Innovation isn’t exclusively the executive team’s responsibility. Still, it’s vital that senior leaders actively encourage generating, testing, and adopting innovative ideas.
How can your executive own this role?
Here’s a four-item gameplan executives can embrace. Implementing the gameplan will spur generating ideas and setting the stage for responding more positively to employees’ innovative ideas.
1) Describe Where Innovation Is Needed
Saying Yes to more ideas depends on linking the organization’s direction to where innovation is focused. It’s up to the leadership team to broadly share where the organization most needs innovation to move ahead. Whether it’s growing revenue, expanding into new markets, reducing costs, boosting customer satisfaction, or something else entirely, providing clear targets orients employees toward innovating where there’s heightened organizational interest.
2) Convey Your Appetite for Change
Innovative ideas come in diverse sizes. Your leadership team’s appetite for change sets the expectation for how significant your innovation initiatives should be. Amid a major transformation, incremental ideas are decidedly ho-hum. If you’re seeking tweaks to what’s working, though, organization-shaking ideas are DOA.
You can adapt an idea continuum like this one to describe your innovation target:
- Incremental Ideas: These encompass valuable, yet easy and familiar improvements to current products, processes, or services. They are ideal when your risk tolerance is low.
- New and Revamped Ideas: This strategy involves focusing on reimagining earlier approaches and freshening them up. It’s a smart approach when there’s an ongoing need for continual improvements to outpace the marketplace.
- Breakthrough Ideas: These concepts are visionary and ambitious. They typically require more resources and take longer to develop. The promised reward is groundbreaking innovation within the current business model.
- Transformational Ideas: These bold and disruptive ideas imply revolutionizing your organization, industry, and market. They require a major appetite for change and risk commensurate with substantial rewards.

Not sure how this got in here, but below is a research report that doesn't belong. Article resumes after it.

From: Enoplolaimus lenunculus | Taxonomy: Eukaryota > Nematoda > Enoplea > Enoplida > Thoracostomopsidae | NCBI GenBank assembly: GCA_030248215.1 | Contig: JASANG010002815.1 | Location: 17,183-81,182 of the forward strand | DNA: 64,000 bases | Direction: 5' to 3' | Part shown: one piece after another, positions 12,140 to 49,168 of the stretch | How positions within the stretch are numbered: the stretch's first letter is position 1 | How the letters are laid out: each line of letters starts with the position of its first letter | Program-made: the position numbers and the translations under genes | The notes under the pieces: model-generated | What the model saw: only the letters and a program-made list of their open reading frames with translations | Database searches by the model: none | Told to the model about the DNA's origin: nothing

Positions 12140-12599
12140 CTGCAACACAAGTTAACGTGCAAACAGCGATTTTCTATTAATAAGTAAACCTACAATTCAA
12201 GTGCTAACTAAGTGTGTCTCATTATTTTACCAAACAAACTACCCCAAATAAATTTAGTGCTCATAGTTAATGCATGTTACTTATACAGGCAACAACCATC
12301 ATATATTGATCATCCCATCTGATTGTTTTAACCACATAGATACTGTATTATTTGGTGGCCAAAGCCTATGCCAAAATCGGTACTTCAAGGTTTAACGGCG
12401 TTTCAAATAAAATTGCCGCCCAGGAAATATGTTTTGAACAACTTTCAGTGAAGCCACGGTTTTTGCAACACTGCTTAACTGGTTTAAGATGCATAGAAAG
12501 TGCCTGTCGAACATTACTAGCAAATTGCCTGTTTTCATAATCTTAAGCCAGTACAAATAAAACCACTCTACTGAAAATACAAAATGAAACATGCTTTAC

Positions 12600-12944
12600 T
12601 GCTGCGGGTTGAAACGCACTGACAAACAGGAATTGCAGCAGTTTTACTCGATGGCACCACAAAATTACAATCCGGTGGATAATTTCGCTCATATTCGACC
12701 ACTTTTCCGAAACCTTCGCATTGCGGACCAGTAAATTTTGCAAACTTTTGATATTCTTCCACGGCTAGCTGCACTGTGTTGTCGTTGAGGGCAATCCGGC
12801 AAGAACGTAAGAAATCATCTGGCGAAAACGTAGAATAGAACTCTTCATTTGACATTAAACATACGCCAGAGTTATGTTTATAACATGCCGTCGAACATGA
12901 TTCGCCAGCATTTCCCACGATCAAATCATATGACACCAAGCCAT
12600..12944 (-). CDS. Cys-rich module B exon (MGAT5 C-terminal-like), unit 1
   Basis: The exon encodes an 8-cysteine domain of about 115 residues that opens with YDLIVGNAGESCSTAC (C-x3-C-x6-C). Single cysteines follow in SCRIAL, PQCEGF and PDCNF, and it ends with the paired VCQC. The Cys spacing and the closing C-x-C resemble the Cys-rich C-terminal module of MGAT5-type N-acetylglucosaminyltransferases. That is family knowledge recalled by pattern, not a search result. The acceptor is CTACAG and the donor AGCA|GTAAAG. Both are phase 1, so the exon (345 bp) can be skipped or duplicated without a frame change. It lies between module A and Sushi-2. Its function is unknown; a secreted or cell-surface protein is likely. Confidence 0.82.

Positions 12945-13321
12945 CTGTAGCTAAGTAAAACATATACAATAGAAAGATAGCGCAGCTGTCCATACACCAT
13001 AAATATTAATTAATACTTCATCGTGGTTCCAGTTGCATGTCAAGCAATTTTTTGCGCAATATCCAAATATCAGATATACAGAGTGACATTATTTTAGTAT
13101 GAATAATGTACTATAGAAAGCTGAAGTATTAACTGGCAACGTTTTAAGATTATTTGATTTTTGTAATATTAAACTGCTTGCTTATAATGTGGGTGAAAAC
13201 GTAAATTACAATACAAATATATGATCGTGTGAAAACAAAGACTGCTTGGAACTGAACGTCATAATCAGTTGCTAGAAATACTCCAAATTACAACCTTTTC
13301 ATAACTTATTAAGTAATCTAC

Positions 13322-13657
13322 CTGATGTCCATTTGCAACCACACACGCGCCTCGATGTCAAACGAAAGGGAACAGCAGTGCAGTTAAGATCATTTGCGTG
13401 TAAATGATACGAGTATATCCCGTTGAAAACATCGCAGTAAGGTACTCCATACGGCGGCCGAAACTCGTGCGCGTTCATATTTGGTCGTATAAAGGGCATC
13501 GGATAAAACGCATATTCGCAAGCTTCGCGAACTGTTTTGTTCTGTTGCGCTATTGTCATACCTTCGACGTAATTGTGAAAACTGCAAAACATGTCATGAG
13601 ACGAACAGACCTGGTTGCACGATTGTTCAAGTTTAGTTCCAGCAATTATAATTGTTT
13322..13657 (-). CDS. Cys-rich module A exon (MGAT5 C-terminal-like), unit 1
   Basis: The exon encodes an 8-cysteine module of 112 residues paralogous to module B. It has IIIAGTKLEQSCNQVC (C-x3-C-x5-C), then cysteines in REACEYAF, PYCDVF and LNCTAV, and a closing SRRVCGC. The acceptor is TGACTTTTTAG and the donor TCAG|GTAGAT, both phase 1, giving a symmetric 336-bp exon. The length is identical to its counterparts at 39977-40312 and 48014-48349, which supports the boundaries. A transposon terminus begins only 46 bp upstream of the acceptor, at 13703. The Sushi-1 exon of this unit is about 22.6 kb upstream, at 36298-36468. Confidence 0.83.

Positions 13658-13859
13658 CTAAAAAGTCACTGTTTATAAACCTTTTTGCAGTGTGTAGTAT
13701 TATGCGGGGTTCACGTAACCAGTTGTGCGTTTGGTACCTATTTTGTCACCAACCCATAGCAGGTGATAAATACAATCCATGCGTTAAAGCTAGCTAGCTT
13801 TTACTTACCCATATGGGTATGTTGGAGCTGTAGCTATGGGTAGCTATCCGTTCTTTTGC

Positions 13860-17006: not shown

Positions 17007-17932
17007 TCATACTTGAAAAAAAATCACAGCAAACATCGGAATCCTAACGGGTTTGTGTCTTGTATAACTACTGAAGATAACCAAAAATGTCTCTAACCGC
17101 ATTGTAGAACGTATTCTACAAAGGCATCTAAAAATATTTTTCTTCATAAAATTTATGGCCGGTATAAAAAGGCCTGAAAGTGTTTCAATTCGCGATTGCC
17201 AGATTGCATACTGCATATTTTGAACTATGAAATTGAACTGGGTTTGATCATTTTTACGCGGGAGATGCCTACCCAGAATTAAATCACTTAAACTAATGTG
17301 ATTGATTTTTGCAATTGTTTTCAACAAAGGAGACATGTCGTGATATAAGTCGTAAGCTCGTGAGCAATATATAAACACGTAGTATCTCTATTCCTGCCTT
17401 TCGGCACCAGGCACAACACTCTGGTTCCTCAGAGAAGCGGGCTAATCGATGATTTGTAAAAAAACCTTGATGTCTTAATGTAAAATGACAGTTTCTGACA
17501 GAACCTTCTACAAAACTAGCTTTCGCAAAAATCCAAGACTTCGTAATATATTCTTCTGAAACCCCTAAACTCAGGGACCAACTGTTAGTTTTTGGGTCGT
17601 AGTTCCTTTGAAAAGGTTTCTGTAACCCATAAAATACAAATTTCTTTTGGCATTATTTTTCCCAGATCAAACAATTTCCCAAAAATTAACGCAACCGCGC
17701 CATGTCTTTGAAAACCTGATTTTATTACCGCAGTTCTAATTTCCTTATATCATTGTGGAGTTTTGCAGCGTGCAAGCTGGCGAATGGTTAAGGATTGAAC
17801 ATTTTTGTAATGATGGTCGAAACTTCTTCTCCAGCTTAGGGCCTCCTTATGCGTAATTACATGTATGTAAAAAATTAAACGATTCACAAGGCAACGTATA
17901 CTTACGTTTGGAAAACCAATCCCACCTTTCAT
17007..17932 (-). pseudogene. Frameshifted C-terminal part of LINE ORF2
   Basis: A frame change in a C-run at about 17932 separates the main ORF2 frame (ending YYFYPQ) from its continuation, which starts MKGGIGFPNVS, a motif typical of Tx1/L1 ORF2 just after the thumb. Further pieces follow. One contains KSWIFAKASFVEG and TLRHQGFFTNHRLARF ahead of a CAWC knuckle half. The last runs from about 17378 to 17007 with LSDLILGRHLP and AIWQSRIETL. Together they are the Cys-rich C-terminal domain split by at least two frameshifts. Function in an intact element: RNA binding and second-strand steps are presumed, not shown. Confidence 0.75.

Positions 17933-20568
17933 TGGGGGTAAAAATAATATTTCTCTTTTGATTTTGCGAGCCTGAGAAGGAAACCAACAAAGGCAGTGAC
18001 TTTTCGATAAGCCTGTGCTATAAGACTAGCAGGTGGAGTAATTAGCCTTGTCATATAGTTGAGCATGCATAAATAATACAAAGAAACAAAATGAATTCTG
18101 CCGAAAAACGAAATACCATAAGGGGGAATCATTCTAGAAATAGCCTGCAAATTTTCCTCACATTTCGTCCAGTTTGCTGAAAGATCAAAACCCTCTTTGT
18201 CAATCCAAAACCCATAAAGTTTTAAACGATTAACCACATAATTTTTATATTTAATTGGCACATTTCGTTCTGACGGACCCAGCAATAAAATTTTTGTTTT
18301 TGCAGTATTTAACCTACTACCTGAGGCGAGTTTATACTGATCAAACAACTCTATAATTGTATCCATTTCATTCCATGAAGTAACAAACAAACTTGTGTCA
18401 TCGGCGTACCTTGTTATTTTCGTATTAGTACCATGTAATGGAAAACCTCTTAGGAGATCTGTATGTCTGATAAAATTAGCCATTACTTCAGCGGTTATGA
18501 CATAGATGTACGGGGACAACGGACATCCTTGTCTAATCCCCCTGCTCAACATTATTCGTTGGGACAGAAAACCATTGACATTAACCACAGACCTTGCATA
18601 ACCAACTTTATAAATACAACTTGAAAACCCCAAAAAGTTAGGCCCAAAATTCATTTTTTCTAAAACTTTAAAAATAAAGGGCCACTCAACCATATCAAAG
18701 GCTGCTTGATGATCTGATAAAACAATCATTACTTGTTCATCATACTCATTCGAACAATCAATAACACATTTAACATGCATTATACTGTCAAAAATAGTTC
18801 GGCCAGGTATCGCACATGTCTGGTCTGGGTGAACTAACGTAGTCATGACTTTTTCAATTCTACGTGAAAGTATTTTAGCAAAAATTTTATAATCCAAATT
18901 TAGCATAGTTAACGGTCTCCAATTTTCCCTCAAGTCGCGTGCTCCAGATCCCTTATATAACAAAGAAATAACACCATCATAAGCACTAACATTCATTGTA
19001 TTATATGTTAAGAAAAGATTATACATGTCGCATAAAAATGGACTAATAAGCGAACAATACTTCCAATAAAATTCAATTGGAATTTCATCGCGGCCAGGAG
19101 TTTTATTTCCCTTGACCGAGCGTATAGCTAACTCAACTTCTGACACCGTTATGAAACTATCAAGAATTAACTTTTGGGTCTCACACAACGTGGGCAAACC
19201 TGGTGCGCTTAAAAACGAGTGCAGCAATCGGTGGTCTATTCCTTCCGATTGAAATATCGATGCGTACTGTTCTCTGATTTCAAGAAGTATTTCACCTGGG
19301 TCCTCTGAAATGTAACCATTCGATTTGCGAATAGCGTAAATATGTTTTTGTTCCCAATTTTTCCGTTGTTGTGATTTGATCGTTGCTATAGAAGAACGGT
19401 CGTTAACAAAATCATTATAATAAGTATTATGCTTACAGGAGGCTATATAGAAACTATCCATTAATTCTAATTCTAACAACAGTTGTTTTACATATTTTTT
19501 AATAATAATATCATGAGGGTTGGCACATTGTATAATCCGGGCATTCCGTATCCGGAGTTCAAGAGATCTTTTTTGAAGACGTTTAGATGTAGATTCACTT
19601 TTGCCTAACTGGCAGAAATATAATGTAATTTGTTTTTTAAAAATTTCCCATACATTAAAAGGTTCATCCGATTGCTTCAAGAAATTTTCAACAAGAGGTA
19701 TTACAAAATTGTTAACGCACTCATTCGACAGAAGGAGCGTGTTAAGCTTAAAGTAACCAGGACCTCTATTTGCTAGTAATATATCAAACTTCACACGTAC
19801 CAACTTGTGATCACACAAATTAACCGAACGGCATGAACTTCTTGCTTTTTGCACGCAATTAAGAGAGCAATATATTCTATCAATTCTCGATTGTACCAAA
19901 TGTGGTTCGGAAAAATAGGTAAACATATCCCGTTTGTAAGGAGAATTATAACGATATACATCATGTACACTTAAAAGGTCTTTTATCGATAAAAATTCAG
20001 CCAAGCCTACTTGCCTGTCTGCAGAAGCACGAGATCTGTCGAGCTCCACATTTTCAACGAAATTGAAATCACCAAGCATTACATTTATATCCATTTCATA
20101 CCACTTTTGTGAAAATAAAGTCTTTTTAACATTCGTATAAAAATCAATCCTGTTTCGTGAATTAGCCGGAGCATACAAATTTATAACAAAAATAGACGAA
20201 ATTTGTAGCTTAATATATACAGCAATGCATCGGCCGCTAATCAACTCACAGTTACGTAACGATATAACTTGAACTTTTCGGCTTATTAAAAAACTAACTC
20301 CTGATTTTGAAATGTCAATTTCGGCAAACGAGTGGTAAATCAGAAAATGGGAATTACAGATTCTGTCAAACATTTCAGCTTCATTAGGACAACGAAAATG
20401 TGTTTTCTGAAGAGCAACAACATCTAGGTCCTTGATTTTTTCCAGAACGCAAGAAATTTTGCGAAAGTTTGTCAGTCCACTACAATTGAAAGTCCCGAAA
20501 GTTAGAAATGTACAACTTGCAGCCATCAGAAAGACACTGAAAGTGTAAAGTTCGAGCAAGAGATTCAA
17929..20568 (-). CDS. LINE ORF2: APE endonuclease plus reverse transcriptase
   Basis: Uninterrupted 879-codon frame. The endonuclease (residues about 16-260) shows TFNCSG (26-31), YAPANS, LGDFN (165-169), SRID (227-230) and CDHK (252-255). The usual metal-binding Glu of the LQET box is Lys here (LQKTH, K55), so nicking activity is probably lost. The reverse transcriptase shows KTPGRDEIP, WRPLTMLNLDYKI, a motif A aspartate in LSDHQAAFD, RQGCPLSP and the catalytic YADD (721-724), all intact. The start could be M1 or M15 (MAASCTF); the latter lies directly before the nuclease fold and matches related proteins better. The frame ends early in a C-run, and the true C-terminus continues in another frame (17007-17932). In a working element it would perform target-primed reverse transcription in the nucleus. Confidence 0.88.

Identifying leadership’s preferences among these options frees employees to focus and align innovation to the right risk and change profiles.
3) Highlight Preferred Paths for Originating Ideas
Communicate how the leadership team prefers to see innovative ideas emerge and move through the organization. Here are several possibilities:
- Solving Critical and Known Issues
- Innovation Backed by Data-Driven Insights
- Collaborative Idea Generation from Cross-functional Teams
- Ongoing Prototyping and Testing
4) Provide Permission to Navigate Internal Barriers
In any organization that has multiple layers, chances are that managers are in place who reached and solidified their positions through killing innovative ideas. Their fatal objections? Claiming that innovative ideas mess with efficiency, buck conventional wisdom, or needlessly rock some boat somewhere.
The executive team must help innovators circumvent this hidden internal resistance. Here’s a starting list:
- Senior managers engaging and observing throughout the organization to uncover stalled ideas.
- Offering varied forums and formats for employees to share ideas directly with leadership.
- Celebrating innovative, risk-taking employees to signal that innovation and rocking the boat are critical to success.
- Introducing a process for escalating ideas with strong potential that are being under-resourced, stalled, or facing elimination.
The Leadership Team Is Vital for Igniting Innovation
Fostering an organizational culture that ignites new thinking and ideas depends on communicating the organization’s innovation preferences. C-Suite executives are the gatekeepers for sharing strategic priorities and maintaining open dialogue to focus and support innovators who are creating positive change.